The Deluge towards Its Close, ca. 1813
Joshua Shaw (1776 – 1861)
Born in Bellingborough, Lincolnshire, England, Joshua Shaw became a painter of romantic, generic rural landscapes with darkened foregrounds, often with figures, and streams and distant hills. He was among the earliest pure landscape painters in America, and his style was related to the 17th-century idealized landscapes of Claude Lorraine, showing people at ease in the countryside. It was a style replaced in popularity by the French Barbizon School painters whose figures were engaged in more realistic hard-working activity.
Referring to this group of ‘pure’ landscapists, which included George Harvey, Robert Salmon, Charles Birch and Charles Codman, John Baur, Curator of the Whitney Museum of American Art, said they were obscure painters who relied “on infinitely subtle variations of tone and color. . . .Spiritually they were the lyrical poets of the American countryside and the most sensitive to its nuances of mood.” (Luhrs, 36)
Shaw lived in England until he was age forty one, and growing up in poverty, taught himself to draw and shoot guns when he was young. He first apprenticed to a sign painter, although he was basically self-taught as a painter. Described at this period of his life as having “a career of many ups and downs”, he worked as a sign painter in Manchester and also did portraits, landscapes, and genre pieces. Recognized for talent, he exhibited paintings at age 22 at the Royal Academy in London.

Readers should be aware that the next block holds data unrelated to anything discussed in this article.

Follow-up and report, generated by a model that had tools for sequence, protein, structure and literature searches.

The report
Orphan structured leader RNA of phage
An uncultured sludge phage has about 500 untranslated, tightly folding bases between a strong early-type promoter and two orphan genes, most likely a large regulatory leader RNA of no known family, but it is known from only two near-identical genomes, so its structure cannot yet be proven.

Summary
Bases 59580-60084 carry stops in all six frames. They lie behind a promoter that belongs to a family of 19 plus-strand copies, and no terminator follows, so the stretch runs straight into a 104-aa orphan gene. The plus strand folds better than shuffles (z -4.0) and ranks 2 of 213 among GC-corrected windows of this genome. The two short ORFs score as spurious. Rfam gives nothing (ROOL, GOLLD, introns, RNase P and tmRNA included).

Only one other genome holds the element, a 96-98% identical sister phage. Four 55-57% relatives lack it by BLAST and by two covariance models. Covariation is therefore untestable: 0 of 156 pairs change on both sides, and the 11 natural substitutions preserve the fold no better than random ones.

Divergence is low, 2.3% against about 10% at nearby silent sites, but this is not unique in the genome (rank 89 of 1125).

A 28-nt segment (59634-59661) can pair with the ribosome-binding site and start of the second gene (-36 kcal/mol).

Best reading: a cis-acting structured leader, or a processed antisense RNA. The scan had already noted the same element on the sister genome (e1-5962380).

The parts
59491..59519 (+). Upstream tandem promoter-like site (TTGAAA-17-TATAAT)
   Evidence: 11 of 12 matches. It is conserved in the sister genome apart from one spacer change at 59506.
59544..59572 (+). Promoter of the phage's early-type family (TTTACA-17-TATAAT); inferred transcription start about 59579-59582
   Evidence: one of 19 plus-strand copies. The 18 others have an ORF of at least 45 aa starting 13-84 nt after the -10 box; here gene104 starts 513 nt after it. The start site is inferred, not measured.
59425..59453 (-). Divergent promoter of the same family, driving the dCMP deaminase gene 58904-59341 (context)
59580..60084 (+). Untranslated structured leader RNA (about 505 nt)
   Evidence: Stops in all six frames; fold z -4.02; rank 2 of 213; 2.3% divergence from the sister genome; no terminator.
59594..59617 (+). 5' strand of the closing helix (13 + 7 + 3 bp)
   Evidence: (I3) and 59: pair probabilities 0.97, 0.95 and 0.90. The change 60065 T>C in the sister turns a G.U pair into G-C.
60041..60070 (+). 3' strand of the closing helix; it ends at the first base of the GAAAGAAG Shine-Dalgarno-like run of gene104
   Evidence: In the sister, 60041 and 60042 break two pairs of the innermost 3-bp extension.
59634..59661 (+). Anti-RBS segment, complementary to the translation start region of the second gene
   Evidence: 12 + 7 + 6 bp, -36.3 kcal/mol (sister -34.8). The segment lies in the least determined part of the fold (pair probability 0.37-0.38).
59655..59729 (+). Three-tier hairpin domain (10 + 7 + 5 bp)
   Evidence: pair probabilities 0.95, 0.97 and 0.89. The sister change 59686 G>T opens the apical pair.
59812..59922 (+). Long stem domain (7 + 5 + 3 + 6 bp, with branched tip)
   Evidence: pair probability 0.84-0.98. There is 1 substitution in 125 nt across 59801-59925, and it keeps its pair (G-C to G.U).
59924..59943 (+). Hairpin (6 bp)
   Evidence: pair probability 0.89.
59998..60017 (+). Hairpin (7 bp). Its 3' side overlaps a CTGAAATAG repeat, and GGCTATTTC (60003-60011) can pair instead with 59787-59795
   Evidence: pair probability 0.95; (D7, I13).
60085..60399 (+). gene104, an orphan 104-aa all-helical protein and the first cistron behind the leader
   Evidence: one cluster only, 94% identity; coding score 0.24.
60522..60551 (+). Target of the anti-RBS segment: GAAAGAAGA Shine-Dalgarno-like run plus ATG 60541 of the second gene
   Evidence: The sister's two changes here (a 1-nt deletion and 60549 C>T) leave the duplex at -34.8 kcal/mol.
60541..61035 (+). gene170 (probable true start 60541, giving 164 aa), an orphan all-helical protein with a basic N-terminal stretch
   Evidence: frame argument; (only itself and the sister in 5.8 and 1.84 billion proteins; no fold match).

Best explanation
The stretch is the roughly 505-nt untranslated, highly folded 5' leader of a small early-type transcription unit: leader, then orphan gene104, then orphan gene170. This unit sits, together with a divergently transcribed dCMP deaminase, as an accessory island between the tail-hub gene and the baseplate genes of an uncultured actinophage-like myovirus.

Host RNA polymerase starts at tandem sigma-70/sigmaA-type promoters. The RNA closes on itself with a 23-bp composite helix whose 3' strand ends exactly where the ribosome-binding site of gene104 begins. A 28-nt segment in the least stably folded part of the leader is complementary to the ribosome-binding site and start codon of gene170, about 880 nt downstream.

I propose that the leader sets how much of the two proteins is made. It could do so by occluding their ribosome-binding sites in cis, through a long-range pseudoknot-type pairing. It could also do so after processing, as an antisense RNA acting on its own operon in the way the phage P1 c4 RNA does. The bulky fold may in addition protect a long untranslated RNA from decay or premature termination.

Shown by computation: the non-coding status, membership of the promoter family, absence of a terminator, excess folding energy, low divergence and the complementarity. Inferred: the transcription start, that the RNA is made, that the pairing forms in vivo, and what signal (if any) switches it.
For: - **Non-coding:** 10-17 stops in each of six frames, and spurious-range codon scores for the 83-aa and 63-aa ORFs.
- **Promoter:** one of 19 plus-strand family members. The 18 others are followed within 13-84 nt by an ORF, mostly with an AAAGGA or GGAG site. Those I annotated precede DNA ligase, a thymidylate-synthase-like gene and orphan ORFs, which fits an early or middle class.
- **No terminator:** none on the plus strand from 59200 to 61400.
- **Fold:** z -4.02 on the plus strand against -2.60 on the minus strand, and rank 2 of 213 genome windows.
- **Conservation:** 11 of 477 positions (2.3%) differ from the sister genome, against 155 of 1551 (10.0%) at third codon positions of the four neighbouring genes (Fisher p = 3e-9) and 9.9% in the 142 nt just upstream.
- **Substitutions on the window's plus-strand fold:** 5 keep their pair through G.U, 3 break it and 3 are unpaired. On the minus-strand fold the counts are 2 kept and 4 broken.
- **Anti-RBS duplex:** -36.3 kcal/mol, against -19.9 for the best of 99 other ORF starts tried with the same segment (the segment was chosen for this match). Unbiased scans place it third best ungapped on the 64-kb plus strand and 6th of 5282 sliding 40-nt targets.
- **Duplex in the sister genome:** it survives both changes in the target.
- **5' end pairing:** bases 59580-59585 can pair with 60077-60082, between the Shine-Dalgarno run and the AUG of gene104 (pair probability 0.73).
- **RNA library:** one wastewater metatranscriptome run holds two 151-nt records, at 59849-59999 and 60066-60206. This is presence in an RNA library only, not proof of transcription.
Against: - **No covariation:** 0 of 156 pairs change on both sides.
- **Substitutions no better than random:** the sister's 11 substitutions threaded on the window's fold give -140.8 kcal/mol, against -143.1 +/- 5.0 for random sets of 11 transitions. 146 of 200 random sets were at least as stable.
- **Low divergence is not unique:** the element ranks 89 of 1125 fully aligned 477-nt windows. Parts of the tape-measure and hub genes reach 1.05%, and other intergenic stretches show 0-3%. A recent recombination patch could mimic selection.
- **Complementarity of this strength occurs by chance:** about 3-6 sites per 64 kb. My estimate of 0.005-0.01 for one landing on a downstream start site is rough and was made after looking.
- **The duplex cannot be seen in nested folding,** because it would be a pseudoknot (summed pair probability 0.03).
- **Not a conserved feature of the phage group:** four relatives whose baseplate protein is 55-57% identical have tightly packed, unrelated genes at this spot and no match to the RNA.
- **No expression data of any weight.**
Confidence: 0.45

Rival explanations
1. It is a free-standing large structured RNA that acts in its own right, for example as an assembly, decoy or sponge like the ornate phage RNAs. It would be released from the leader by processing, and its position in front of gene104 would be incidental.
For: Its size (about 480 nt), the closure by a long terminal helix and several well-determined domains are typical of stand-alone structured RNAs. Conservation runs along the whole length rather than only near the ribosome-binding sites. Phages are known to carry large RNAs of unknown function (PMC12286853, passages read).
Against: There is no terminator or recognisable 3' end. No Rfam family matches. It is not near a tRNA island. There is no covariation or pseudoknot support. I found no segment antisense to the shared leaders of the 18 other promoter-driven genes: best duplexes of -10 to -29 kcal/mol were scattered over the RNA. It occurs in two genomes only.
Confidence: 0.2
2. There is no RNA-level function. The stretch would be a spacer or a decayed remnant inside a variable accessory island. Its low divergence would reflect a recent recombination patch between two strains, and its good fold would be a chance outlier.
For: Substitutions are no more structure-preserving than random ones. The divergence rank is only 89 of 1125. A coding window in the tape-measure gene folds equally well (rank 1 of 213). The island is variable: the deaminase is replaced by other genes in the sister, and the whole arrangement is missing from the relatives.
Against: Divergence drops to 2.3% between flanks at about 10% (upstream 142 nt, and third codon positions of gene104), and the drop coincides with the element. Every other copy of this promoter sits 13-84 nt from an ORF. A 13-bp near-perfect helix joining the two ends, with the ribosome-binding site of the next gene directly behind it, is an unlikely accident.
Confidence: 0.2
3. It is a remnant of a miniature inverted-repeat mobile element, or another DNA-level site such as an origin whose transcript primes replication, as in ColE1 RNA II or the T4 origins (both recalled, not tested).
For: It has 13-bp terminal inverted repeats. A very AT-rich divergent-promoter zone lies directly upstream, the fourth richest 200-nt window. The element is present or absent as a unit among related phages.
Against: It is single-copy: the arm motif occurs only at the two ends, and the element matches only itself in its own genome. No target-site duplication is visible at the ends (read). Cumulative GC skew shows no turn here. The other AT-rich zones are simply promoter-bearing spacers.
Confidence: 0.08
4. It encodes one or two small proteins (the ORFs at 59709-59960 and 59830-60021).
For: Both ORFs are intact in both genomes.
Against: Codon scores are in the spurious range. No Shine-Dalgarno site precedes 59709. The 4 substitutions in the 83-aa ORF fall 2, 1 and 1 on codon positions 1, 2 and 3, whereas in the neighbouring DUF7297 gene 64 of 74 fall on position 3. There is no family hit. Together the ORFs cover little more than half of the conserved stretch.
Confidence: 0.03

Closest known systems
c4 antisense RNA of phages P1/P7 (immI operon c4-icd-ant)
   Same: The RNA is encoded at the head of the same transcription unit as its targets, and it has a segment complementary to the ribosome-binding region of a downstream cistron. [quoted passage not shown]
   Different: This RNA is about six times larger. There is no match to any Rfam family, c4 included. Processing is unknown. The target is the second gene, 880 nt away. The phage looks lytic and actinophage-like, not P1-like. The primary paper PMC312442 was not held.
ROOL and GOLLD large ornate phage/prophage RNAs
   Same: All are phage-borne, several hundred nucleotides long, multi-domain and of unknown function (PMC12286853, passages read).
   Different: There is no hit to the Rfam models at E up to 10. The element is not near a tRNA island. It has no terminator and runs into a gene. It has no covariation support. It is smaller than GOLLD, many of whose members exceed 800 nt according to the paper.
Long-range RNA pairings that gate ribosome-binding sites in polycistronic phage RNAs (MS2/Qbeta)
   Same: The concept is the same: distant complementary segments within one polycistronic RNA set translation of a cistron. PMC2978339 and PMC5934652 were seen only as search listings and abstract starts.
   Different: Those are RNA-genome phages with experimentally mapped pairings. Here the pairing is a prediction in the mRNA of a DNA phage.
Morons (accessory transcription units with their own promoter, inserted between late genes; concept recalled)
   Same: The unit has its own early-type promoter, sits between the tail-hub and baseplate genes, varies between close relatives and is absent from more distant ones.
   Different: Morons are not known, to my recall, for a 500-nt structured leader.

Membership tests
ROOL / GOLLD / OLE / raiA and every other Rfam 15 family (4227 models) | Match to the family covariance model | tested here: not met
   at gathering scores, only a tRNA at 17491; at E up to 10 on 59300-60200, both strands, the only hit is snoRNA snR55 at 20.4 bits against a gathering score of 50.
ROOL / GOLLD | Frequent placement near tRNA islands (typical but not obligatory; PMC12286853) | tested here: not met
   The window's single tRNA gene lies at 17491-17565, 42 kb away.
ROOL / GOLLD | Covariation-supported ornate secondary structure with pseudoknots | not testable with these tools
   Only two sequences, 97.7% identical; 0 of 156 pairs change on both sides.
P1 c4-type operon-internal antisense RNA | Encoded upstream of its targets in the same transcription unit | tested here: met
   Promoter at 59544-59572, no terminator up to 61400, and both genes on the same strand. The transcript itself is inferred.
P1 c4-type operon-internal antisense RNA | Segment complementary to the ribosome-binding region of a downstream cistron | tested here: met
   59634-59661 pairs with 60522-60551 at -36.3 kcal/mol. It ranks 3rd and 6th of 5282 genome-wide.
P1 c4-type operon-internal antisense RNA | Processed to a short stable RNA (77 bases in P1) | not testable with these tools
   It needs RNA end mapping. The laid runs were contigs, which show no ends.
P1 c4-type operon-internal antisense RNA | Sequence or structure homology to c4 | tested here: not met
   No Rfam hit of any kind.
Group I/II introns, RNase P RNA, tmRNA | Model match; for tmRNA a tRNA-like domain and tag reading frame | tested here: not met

However, he found greater opportunity when he emigrated to Philadelphia in 1817, having been commissioned to oversee the installation of Benjamin West’s painting, Christ Healing the Sick, at the Pennsylvania Hospital. He also had another motive for coming to America, and that was to establish the necessary two-year residency to obtain a patent on his invention of a copper percussion cap for guns, an invention that took many years for him to get credit and profit.
From Philadelphia in December, 1819, he set out with his teenage son to create watercolor images, which engraved in aquatint by John Hill, were published in 1820 as a book, Picturesque Views of American Scenery. The father and son traveled to South Carolina, Georgia, North Carolina and Virginia, and among their subjects were the burning of Savannah, Georgia of January 11, 1820; and scenery on the Reedy River and in Table Rock of South Carolina. In North Carolina, they pictured the Catawba River, and in Virginia, the Natural Bridge and Harper’s Ferry. In addition to their efforts resulting in the scenery book, they also gathered data for a United States Directory, published in 1822.
Returning to Philadelphia, Joshua Shaw painted over two-hundred oil paintings. Stylistically he had to make his way, as there was no ‘school’ of landscape painting in Philadelphia when he arrived. He founded the Artists’ Fund Society and the Artists and Amateur Association and exhibited at the Pennsylvania Academy. He published a manual for artists. An inventor, he made improvements on firearm designs and also did early topographical views.
About 1843, he settled in Bordentown, New Jersey, but he was not very successful selling paintings during his lifetime and died in poverty.
Sources: Kathleen Luhrs, “Museum Accessions”, The Magazine Antiques, November 2008, pp. 36-38.
Michael David Zellman, 300 Years of American Art
Biography from the Archives of AskART